First published August 2006, updated July 2021

Key points: 

  • AIs are well established in the treatment of postmenopausal women with steroid ER+ metastatic breast cancer.
  • Studies are underway to define the optimal sequence of AIs in adjuvant treatment: AI alone, tamoxifen followed by AI, or AI followed by tamoxifen.
  • AIs are associated with reduced gynaecological, thromboembolic and vasomotor toxicity but increased rates of bone fractures and ischaemic heart disease.

The breast is an endocrine-sensitive organ; it undergoes significant changes in response to hormones during puberty, pregnancy and lactation. A significant proportion of breast cancers retain the intracellular apparatus for endocrine responsiveness, namely the oestrogen receptor (ER).

Tamoxifen, a selective oestrogen receptor modulator (SERM), has been the mainstay of endocrine therapy for around 30 years. When given to women with ER-positive (ER+) breast cancer for five years after surgery, it reduces the risk of recurrence by 41 per cent and risk of death by 34 per cent1. The partial agonist effects of tamoxifen can be beneficial (eg, reducing bone demineralisation) or it can be detrimental (eg, causing endometrial cancer and thromboembolism2). However, new data has shown aromatase inhibitors (AI) to be a potential alternative to tamoxifen. In postmenopausal women, the conversion of androgenic precursors to oestrogen by the aromatase enzyme occurs mainly in the adrenal glands, breast, fat and breast tumour itself. Third-generation AIs – letrozole and anastrozole (competitive non-steroidal inhibitors) and exemestane (an irreversibly steroidal inactivator) – inhibit oestrogen synthesis by 97–99 per cent2,3. This high degree of aromatase inhibition reduces circulating oestradiol to undetectable levels.

First-line for advanced breast cancer

Third-generation AIs are well established in the treatment of postmenopausal women with steroid hormone receptor-positive (SHR+) – also known as oestrogen receptor and/or progesterone positive – metastatic breast cancer. Trial data has shown them to initially demonstrate superiority to megestrol acetate (a progestin) as second-line therapy4-6 and then tamoxifen as first-line therapy. The largest of these trials, involving over 900 women, showed letrozole to be superior to tamoxifen in terms of time to progression (9.4 vs six months, respectively), time to treatment failure (nine vs 5.7 months)), and overall objective response rate (32 per cent vs 21 per cent)7. A similar study with anastrozole showed it to have equal efficacy to tamoxifen but to be superior in terms of tolerability, fewer thromboembolic events and less vaginal bleeding8. More recently, a study of 382 patients with advanced breast cancer comparing exemestane with tamoxifen confirmed superiority of exemestane.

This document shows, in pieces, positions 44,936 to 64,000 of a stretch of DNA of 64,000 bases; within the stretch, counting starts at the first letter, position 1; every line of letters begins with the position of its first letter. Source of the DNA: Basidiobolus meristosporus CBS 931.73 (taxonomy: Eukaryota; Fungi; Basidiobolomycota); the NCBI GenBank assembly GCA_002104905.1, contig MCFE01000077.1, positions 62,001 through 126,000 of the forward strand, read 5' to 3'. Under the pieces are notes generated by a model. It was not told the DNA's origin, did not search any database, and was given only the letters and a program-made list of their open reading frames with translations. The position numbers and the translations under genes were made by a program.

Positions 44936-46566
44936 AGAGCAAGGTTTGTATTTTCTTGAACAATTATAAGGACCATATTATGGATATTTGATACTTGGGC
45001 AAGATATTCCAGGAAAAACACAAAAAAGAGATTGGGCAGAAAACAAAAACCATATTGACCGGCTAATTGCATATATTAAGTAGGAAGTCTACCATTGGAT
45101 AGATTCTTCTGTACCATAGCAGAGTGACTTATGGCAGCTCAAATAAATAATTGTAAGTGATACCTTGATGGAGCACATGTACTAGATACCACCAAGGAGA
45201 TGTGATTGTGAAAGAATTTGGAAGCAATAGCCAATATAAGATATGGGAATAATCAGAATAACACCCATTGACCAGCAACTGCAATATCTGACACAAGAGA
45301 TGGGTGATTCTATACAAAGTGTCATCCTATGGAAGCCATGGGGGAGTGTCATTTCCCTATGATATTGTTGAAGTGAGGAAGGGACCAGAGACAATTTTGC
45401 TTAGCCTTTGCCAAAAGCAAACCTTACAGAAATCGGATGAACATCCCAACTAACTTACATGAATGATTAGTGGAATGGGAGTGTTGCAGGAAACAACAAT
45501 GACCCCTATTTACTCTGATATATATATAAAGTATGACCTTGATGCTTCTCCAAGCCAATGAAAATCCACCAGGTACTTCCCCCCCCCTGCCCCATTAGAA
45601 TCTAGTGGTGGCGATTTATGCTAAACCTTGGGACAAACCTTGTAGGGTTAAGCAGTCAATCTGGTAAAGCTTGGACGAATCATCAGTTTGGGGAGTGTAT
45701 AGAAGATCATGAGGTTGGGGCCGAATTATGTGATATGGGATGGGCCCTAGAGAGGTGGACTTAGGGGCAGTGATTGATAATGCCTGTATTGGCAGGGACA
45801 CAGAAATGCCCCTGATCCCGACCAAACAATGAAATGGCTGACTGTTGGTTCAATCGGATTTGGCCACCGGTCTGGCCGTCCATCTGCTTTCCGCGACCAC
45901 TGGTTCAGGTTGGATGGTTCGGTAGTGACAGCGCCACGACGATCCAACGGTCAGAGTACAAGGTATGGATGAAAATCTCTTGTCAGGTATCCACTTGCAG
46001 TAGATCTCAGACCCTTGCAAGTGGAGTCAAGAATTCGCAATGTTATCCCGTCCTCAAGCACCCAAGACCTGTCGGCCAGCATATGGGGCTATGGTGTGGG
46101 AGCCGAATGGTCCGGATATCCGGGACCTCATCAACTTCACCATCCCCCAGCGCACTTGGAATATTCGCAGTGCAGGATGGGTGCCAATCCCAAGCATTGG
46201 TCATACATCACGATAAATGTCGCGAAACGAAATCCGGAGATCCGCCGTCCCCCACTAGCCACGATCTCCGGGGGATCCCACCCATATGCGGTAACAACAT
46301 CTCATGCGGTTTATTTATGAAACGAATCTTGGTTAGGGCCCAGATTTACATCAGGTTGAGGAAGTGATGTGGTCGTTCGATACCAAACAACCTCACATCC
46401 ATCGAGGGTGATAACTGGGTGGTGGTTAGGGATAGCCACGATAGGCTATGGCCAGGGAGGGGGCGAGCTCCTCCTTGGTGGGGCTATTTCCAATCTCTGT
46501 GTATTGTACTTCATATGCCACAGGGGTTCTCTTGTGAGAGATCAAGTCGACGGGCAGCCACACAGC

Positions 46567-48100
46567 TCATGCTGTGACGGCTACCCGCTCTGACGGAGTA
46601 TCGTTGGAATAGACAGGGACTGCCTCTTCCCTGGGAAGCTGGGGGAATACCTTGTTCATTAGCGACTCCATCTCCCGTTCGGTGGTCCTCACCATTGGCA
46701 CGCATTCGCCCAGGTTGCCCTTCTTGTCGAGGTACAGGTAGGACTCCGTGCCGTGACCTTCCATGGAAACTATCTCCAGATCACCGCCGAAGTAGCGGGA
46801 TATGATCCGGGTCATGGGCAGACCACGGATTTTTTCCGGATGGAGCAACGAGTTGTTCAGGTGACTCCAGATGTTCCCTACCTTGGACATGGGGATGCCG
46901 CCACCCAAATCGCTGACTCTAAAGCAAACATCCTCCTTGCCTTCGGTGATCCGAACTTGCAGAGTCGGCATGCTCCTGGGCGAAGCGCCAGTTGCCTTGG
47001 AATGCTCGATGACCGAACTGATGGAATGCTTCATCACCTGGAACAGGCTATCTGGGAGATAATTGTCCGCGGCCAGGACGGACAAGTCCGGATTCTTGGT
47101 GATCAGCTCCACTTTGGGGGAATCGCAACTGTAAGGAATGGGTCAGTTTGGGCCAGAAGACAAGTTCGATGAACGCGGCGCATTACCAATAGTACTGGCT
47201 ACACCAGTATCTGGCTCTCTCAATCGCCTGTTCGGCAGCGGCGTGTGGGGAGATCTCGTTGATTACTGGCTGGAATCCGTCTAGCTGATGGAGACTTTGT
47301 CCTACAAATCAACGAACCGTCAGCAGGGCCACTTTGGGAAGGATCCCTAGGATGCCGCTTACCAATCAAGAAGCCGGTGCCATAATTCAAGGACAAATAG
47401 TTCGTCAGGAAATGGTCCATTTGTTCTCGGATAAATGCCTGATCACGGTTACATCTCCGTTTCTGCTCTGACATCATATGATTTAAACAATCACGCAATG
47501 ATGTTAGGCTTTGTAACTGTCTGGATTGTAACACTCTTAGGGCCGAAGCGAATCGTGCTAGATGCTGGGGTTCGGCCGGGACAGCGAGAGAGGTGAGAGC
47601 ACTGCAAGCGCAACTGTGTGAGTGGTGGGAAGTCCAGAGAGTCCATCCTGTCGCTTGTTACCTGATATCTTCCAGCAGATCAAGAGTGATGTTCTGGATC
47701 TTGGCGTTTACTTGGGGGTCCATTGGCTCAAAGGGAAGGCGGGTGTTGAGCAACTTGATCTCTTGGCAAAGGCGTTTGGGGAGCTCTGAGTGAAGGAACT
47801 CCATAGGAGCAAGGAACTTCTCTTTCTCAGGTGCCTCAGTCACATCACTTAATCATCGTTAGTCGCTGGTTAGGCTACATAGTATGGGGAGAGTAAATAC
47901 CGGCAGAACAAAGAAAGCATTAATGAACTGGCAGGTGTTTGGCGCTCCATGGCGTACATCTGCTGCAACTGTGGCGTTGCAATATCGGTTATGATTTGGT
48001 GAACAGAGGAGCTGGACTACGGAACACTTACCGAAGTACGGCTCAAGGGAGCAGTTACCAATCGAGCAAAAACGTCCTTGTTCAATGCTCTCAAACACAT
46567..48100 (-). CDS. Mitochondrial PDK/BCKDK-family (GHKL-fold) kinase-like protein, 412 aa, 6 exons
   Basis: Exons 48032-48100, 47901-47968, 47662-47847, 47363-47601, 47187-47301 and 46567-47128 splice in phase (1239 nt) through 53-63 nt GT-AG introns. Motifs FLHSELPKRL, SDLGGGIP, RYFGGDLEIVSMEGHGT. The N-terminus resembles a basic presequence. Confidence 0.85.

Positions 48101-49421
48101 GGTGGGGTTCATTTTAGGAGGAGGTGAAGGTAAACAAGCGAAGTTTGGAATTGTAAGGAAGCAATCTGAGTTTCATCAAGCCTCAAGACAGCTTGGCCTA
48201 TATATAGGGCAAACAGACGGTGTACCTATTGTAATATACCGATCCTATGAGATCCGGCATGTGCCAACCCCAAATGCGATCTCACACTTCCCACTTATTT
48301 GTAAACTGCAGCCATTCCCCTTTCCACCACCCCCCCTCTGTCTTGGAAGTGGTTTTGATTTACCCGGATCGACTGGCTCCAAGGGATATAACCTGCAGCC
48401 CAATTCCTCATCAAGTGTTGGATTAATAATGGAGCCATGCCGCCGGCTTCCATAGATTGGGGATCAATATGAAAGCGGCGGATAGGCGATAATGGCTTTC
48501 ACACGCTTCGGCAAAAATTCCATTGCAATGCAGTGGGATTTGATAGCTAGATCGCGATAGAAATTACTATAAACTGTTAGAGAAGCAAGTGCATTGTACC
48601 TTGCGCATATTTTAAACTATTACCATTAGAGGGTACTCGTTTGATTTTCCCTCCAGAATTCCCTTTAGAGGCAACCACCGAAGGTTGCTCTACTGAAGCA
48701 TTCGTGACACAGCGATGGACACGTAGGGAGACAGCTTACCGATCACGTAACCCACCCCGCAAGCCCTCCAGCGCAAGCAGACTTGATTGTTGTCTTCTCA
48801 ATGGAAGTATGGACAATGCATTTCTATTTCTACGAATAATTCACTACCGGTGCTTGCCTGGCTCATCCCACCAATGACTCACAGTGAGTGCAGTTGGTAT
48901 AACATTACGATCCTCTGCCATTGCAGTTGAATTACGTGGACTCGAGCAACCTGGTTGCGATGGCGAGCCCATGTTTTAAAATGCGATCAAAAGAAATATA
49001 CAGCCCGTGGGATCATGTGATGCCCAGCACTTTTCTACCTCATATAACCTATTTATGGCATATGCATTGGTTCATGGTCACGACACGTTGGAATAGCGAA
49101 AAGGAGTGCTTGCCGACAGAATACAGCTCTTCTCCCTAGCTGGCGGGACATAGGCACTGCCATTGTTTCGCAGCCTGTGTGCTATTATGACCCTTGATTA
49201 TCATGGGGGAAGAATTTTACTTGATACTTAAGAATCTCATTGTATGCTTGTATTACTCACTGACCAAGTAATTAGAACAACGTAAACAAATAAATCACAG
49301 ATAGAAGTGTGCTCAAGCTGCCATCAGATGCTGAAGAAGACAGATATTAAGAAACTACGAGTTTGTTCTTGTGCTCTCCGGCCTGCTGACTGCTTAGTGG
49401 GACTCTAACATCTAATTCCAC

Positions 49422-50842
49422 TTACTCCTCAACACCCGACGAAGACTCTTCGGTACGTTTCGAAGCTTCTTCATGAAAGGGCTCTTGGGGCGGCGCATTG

Adjuvant therapy with AIs

The success of AIs in advanced disease has led to several large trials comparing AIs with tamoxifen as adjuvant treatment following surgery in early breast cancer. Different strategies have been adopted: immediate monotherapy for five years, and switching, sequential and extended treatment.

Immediate monotherapy

Two very large trials have addressed the question of immediate monotherapy (upfront) AI treatment for five years. The first of these was the ATAC trial. This involved a three-way prospective, double-blind randomisation of 9,366 postmenopausal women to five years anastrozole or tamoxifen, or anastrozole plus tamoxifen, following local therapy for invasive breast cancer and cytotoxic chemotherapy (if administered). At the first analysis, the combination arm was equivalent to tamoxifen and was closed. In this, and in subsequent analyses, anastrozole was superior to tamoxifen with respect to disease-free survival (DFS) especially in the ER+ population. Anastrozole consistently improved DFS in patients with ER+ breast cancer by 17 per cent, and the absolute difference in patients alive without recurrence improved from 1.6 per cent at three years to 2.5 per cent at five years9. There were also significant reductions in distant metastases and contralateral breast cancers; as yet, there is no evidence of survival benefit 9-11.